Instrumentation and process automation company Endress+ Hauser is recoding tempera- tures in roll neck bearings – used in a rolling mill – by implementing its wireless solution, the WirelessHART, to optimise plant efficiency for a heavy plate manufacturer.
By installing the WirelessHART solution, the company explains, the client is now producing more than 880 000 t/y of heavy plate, ranging from 5 mm to 125 mm in thickness.
Endress+Hauser notes that it retrofitted the wireless solution at a lower cost than expected and is confident that the plant now has an optimum overview of the status of the roll neck bearings. The client can now also maintain the system and replace the bearings according to schedule, regardless of any faults.
Endress+Hauser temperature system components product manager Benjamin Mlangeni notes that the implementation of the WirelessHART solution has resulted in predictive maintenance intervention, as it detects any damage to, and thereby protects, the extremely costly friction bearings.
The company notes that the heavy plate manufacturer’s plant comprises two work rolls, which reshape the steel slabs directly, and two backup rolls, which transfer toll pressure to the work rolls. The four-high stand has a maxi- mum rolling force of 80 000 kN. This was considered a challenge as the roll neck bearings are located on the operating and drive sides of the upper and lower backup rolls, which adds pressure to the rolling force of the neck bearings.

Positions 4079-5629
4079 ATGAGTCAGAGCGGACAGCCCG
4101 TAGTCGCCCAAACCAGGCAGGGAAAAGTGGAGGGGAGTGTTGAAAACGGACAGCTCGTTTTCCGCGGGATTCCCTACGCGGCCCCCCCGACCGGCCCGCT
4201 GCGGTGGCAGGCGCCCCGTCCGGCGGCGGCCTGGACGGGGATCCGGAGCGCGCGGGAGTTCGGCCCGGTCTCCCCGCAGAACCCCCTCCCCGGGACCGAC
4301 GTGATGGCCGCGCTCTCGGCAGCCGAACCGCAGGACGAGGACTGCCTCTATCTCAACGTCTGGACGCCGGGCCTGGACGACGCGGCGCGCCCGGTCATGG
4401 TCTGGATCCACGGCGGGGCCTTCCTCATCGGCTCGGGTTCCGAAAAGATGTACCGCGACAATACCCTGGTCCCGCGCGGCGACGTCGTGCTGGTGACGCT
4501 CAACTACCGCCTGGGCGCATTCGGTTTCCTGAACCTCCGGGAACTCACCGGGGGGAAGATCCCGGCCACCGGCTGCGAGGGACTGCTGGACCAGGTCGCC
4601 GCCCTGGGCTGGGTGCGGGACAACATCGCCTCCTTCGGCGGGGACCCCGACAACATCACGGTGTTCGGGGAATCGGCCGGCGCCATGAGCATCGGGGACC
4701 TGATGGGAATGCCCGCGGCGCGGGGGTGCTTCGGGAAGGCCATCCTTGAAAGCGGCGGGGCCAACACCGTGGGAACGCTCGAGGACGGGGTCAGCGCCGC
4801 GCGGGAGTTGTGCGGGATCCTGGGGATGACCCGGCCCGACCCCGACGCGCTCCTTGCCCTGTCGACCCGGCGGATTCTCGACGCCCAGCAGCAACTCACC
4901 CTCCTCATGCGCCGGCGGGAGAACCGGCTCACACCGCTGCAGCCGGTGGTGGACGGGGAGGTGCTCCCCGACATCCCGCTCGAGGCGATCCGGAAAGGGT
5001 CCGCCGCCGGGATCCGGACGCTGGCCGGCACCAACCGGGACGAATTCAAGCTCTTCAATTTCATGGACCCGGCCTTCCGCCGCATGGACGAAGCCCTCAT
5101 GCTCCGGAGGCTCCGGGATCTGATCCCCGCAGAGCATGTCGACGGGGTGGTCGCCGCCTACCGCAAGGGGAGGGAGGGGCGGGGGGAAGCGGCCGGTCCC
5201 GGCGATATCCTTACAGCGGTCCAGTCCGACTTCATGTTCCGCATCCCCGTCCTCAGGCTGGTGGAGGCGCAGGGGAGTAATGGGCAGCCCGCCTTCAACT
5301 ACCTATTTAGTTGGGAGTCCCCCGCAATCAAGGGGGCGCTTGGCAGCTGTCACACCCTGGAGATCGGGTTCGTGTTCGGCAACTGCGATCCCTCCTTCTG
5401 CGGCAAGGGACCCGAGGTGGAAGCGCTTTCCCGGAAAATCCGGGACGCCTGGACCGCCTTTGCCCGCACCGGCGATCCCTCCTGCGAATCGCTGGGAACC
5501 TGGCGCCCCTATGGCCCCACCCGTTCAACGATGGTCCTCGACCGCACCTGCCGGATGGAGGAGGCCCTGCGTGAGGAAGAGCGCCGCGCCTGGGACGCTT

The backup rolls are known as morgoil friction bearings. A lubrication circuit ensures that they receive the proper lubrication, while the temperature of this circuit is monitored at the inlet and outlet.
An increase in the temperature differential indicates a higher degree of friction inside the bearings, which might result in damage. However, the ambient conditions that add pressure at the rolling stand make it difficult to wire up the necessary temperature sensors securely.
To mitigate this challenge, Mlangeni says, each tempera- ture sensor is fitted with an adapter, which allows for wireless data transmission based on the WirelessHART standard. For temperature measurement, Endress+Hauser TR15 resistance thermometers, each with a weld-in thermowell and replaceable insert, were used.
“As a result of space limitations and possibly restricted radio communication between products, installing the adapter directly on the temperature sensor is not advised,” he notes.
The adapter is, therefore, installed remotely and connected to the temperature sensor using a short cable. The adapter also powers the connected device using its built-in battery.
Each adapter works as a transmitter and receiver, ensuring that data can be transmitted to the WirelessHART gateway, even if direct radio communication is not possible.